How Coca-Cola and its partners are bringing clean and safe water to millions in Africa.
Five-year-old Efia loves the colour of the water that’s recently started running from the new tap, although she struggles to define it.
“I can see my feet,” she shouts, wriggling her toes in the tub of water her mother has drawn for her evening bath. Her two-year-old sibling, Adjoa, stands in the tub clinging to the rim and joins in the game, laughing and kicking her feet in the crystal liquid. Bath time’s never been as much fun.
For many, clean, clear water is commonplace; for Efia and Adjoa it’s something to be astonished over. It’s a far cry from the khaki-coloured brine her mother has had to heft in buckets from the muddy river a mile or more away. Now she’s able to purchase clean, safe water from a nearby centre.
The new water centre started running only yesterday, providing a strong stream of water that’s clean and safe and which sparkles in the sunshine bathing the town in the outskirts of Accra that Efia and her family call home.
The ritual, now daily routine for Efia’s family, is being enacted by an increasing number of families across West Africa as the Safe Water for Africa (SWA) project gathers momentum. A partnership between The Coca-Cola Company, Diageo and WaterHealth International (WHI), and with co-funding from the International Finance Corporation (IFC), the programme is committed to providing safe water access to at least two million people across West Africa. Twenty per cent more Ghanaians enjoy safe water since the Millennium Development Goals (MDGs) were launched in 2000, but there’s still much work to be done in connecting the remaining 18% without access to safe water.
“I applaud the work of this major private sector engagement,” says Ghana’s Minister of Water Resources, Works & Housing, Alban Bagbin, speaking at the 2011 Ghana Water Forum, where the programme was launched in the country. WaterHealth Centres (WHCs) are the pulses of the SWA programme. These are modular structures housing water purification equipment that treats local water through a combination of sedimentation, pre-filtration and ultraviolet technology. Combining this technical rigour to ensure water quality with the sustainability of WHC’s selling purified water at under market prices, has seen a strong increase in community uptake.
A powerful team is contributing to sustainable water solutions
The Coca-Cola Company and its partners have studied the problem of water for the people in this region and they are willing to do something about it. They also know that providing the water is just one part of a bigger and more complicated development puzzle.
Over the last 20 years, between 600,000 and 800,000 hand pumps have been installed in sub-Saharan Africa. However a staggering 30% (potentially 240,000) of these are known to fail prematurely, amounting not only to a lost investment of around $1.2–$1.5bn, but also a significant failure in the sustainable provision of clean, safe water to the affected communities. To help address this problem, The Coca-Cola Company’s water projects are designed with long-term sustainability in mind. In the case of SWA, communities help to determine the appropriate, affordable usage fees for the water purification service of each WHC. Over time, the increased adoption of the service will be able to cover the cost of the operation and maintenance of the facility, allowing it to become financially self-sufficient and ultimately 100% sustainable. “By implementing this innovative clean water access model, which incentivises proper maintenance and operation of the water centres, Coca-Cola and its partners are assuring the project’s sustainability and helping countries move toward their United Nations Millennium Development Goals,” commented Alfonso Libano, Chairman, Equatorial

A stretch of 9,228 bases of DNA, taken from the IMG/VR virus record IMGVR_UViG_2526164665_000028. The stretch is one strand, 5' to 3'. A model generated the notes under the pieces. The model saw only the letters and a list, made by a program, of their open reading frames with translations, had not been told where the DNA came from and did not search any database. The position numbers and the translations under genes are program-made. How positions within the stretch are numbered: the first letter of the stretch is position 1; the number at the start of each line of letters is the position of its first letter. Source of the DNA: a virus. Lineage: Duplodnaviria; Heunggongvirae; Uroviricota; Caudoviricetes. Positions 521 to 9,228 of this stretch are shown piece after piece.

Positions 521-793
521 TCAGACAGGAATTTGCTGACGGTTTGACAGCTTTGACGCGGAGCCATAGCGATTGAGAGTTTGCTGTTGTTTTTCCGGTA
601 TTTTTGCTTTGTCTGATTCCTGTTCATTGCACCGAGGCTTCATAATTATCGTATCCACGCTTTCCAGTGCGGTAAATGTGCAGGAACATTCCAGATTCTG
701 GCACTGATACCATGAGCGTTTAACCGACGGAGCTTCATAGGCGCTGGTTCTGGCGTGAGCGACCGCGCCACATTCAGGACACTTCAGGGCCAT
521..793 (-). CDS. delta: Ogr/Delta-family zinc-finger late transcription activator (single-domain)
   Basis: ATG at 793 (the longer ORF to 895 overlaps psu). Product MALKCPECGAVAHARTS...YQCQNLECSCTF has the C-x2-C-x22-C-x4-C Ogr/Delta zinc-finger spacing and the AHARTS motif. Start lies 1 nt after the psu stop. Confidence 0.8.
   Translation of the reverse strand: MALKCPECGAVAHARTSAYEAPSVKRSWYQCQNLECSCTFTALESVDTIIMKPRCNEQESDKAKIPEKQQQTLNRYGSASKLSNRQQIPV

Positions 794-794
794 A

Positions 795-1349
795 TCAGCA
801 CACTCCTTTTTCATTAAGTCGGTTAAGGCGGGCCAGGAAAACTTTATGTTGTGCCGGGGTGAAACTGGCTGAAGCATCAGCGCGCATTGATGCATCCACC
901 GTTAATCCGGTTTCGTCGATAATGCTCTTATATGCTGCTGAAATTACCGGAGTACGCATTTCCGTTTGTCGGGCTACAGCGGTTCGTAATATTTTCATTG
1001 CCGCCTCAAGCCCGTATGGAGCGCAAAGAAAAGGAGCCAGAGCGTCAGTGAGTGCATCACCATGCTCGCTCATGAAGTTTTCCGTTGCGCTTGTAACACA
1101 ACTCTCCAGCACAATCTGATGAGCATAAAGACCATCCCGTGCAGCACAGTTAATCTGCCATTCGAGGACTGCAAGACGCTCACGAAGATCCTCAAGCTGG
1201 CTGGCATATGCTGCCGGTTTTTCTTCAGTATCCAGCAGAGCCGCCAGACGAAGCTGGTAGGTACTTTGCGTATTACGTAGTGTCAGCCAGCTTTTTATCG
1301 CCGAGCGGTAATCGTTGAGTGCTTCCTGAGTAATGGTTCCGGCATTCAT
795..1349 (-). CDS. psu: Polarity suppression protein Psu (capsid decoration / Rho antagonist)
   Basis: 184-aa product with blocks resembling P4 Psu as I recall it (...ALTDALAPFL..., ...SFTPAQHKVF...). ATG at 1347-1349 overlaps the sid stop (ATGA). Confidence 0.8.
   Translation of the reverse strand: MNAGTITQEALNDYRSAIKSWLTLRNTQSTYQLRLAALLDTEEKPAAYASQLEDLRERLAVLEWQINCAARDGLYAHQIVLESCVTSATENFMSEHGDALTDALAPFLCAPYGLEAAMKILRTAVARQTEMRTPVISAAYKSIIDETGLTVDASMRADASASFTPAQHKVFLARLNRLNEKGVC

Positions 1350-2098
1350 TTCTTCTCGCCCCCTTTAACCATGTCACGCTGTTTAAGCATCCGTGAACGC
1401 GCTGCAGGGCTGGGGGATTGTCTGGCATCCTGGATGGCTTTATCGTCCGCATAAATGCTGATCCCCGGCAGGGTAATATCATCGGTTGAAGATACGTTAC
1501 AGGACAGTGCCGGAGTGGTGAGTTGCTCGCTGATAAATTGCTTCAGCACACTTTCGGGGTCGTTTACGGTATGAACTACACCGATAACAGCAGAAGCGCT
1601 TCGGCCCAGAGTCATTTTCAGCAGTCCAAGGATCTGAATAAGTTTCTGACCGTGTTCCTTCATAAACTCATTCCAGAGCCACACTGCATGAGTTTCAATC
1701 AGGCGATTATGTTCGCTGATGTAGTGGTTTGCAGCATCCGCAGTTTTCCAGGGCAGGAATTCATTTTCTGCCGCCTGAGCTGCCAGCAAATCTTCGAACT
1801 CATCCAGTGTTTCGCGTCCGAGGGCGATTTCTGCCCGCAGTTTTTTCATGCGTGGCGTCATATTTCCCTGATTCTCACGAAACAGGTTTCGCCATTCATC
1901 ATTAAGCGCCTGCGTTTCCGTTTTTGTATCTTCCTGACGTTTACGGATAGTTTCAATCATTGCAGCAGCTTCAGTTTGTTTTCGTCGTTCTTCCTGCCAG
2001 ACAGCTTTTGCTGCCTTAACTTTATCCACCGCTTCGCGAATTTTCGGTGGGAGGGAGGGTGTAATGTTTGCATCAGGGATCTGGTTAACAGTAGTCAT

Coca-Cola Bottling Company.
Replenishing the continent
Looked at from space, you can see how water-sparse Africa really is. A tropical band cuts across the middle of it, taking up about 25% of the land mass. The rest is savanna, bushland, scrub and desert. You quickly get the idea of a massive continent with an equally big thirst and you can understand how every drop of water is precious. The natural situation of water availability isn’t getting any better either. In West Africa, for instance, access to water today is worse than it was 20 years ago.
In Liberia, which has found peace, The Coca-Cola Company/WHI have moved in to begin the implementation of their clean water service, starting with the building of 30 WHCs – at least five will be up and running this year.
Liberian President Johnson Sirleaf recently noted that stakeholders are “coming together behind our common development goals; and Coca-Cola is clearly providing a strong example to other corporations – demonstrating how the private sector can partner with others to make a concrete difference in the day-to-day lives of Liberians by making safe drinking water available to 10,000 residents of New Georgia.”
The Coca-Cola Company’s goal is to develop community projects that are also sustainable by partnering with local bottling partners – collectively called the Coca-Cola system. Sustainability Director for the Eurasia Africa Group at The Coca-Cola Company, William Egbe, said it best, “Coca-Cola understands that for it to be successful over the long term, the communities in which it operates must be sustainable economically, environmentally and with strong local support systems.”
As a result, Coca-Cola is engaged with WHI in building healthy communities in Liberia by providing access to safe, clean drinking water to at least 300,000 Liberians.”
Across the region more and more people are enjoying the simple pleasure of having water on tap: for Efia clean bath water will now be part of her everyday life.